-Sleep is the golden key to recovery, so put into practice a bedtime that allows maximal rest (ie: avoiding screens, caffeine and alcohol before bed, using blackout curtains, going to bed early enough to get the optimal amount of sleep for the following days’ session).
Testosterone declines gradually in men at a rate of around 1% a year after age 30 in the general population. Women, too, have testosterone (at a marginal level compared to male counterparts) which plays a significant role in strength and recovery, which gradually declines around menopause.
What does this mean? Testosterone increases muscle protein synthesis, causing muscular growth (or reduction in decline), allows fatigue resistance and speeds and improves the recovery process: all processes that decline with age.
In addition to this, women, in particular are at risk of loss of bone density as they age, called osteopenia and osteoporosis. By adding strength-based training and dynamic activities into training, you can reduce the rate of bone-mineral decline.
-For mountain bike riding, strength endurance or muscular endurance (low cadence/high gear) efforts are key, as no matter the discipline mountain biking involves a range of high force-low velocity pedaling.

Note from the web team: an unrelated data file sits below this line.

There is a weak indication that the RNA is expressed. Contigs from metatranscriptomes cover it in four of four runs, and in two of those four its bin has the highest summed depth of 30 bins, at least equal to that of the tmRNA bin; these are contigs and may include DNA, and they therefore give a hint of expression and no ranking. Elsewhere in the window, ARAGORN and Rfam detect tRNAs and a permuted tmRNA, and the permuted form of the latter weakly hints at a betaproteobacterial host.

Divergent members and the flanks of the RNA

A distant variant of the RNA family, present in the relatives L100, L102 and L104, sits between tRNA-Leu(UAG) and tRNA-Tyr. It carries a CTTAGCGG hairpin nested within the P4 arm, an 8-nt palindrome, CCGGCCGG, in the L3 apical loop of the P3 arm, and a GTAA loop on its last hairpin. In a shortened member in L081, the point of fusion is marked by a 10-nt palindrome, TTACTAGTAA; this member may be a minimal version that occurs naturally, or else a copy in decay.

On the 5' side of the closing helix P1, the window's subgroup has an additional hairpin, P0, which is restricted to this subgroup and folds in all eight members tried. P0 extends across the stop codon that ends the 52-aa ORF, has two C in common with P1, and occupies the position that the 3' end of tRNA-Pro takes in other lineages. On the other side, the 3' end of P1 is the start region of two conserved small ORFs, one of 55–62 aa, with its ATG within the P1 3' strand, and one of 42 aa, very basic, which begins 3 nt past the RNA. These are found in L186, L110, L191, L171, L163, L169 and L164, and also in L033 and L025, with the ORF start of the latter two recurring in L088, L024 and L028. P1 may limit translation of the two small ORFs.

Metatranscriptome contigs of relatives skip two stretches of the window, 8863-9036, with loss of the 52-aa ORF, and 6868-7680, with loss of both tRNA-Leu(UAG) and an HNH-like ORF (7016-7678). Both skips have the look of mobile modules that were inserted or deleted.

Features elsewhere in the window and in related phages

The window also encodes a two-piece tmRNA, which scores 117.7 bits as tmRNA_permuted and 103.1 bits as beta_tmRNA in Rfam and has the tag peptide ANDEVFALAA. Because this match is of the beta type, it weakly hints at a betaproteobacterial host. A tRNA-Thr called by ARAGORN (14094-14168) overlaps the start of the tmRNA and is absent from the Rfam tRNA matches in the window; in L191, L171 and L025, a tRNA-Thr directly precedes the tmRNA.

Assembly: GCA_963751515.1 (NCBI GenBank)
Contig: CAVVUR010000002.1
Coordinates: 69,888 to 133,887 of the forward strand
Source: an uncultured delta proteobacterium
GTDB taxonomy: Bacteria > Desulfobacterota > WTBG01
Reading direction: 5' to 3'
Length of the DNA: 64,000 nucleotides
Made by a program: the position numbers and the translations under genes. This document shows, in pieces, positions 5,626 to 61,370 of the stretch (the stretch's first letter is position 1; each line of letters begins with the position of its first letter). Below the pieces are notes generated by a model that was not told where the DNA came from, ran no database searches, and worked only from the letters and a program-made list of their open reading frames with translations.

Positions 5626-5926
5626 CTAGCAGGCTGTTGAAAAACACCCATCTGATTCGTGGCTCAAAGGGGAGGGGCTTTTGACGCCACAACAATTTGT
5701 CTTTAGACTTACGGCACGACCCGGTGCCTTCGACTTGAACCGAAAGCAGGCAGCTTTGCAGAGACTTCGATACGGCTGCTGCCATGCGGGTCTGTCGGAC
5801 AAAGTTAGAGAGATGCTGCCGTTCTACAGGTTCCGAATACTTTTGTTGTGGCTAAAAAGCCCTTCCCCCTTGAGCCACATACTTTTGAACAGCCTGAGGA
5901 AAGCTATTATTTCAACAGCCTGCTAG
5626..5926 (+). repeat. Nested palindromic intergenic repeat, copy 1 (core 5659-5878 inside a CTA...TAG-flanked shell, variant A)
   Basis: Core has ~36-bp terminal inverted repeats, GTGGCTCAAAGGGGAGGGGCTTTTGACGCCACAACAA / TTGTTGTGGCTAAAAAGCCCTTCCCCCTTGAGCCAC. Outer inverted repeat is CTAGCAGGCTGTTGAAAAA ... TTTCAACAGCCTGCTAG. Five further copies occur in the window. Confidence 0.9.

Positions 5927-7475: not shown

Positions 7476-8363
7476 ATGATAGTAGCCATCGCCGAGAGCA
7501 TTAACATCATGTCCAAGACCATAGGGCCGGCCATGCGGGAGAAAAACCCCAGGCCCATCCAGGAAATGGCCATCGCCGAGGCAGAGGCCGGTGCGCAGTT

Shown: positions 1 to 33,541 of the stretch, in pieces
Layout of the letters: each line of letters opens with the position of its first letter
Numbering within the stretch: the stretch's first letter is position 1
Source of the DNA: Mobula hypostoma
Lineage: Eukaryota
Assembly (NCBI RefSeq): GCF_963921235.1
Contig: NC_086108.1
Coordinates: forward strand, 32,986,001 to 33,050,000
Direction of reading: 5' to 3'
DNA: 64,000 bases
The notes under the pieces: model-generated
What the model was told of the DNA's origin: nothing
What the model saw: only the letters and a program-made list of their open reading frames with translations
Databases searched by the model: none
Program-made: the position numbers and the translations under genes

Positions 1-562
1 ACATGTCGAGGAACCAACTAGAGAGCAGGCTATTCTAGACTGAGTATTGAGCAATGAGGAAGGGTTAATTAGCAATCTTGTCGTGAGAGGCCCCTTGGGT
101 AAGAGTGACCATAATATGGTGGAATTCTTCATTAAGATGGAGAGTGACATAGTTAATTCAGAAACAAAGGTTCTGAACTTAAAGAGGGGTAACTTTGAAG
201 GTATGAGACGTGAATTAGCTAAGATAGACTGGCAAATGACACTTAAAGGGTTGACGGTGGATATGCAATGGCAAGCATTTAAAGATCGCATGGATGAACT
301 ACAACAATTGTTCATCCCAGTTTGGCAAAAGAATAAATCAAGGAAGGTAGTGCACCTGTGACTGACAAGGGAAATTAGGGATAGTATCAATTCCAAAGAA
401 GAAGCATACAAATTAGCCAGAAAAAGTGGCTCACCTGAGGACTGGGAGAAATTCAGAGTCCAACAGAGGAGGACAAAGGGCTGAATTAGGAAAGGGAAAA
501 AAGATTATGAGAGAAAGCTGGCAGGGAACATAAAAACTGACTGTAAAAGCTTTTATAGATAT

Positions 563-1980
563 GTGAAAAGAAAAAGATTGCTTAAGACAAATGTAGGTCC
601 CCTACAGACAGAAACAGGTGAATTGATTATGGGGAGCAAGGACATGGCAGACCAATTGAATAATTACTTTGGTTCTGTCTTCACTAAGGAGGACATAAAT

-Both HIIT (high intensity interval training) and resistance training (ie: Heavy weight training) both increase testosterone levels, and can also aid in reducing injuries: add weight-based and high intensity into your training to mitigate natural testosterone decline.
-Ensure you meet your energy requirements. Long-term energy restriction has been found to reduce testosterone levels, while Zinc and Vitamin D are linked to healthy testosterone levels. It’s safe to say if you’re under fuelling in the name of making ‘race weight’, it’s possible your energy needs aren’t being met to perform during your sessions, and you’re missing out on essential micronutrients that support testosterone and strength maintenance.
 Easthope, C. and others (2010). Effects of trail running competition on muscular performance and efficiency in well-trained young and masters athletes. European Journal of Applied Physiology, 110: 1107-1116.
 Fell, J. and others (2006). Performance during consecutive days of laboratory time-trials in young and veteran cyclists. Journal of Sports Medicine and Physical Fitness, 46(3): 395-403.
 Reaburn, P. and others (2013). Poor use of recovery strategies in veteran cyclists: an Australian study. Proceedings of the American College of Sports Medicine Conference and World Congress on Exercise is Medicine, Indianapolis, USA, May 28-June 1.
Int J Sport Nutr Exerc Metab. 2016 Apr;26(2):168-78. doi: 10.1123/ijsnem.2015-0102. Epub 2015 Sep 24. Postexercise Dietary Protein Strategies to Maximize Skeletal Muscle Repair and Remodeling in Masters Endurance Athletes: A Review. Doering TM1, Reaburn PR, Phillips SM, Jenkins DG.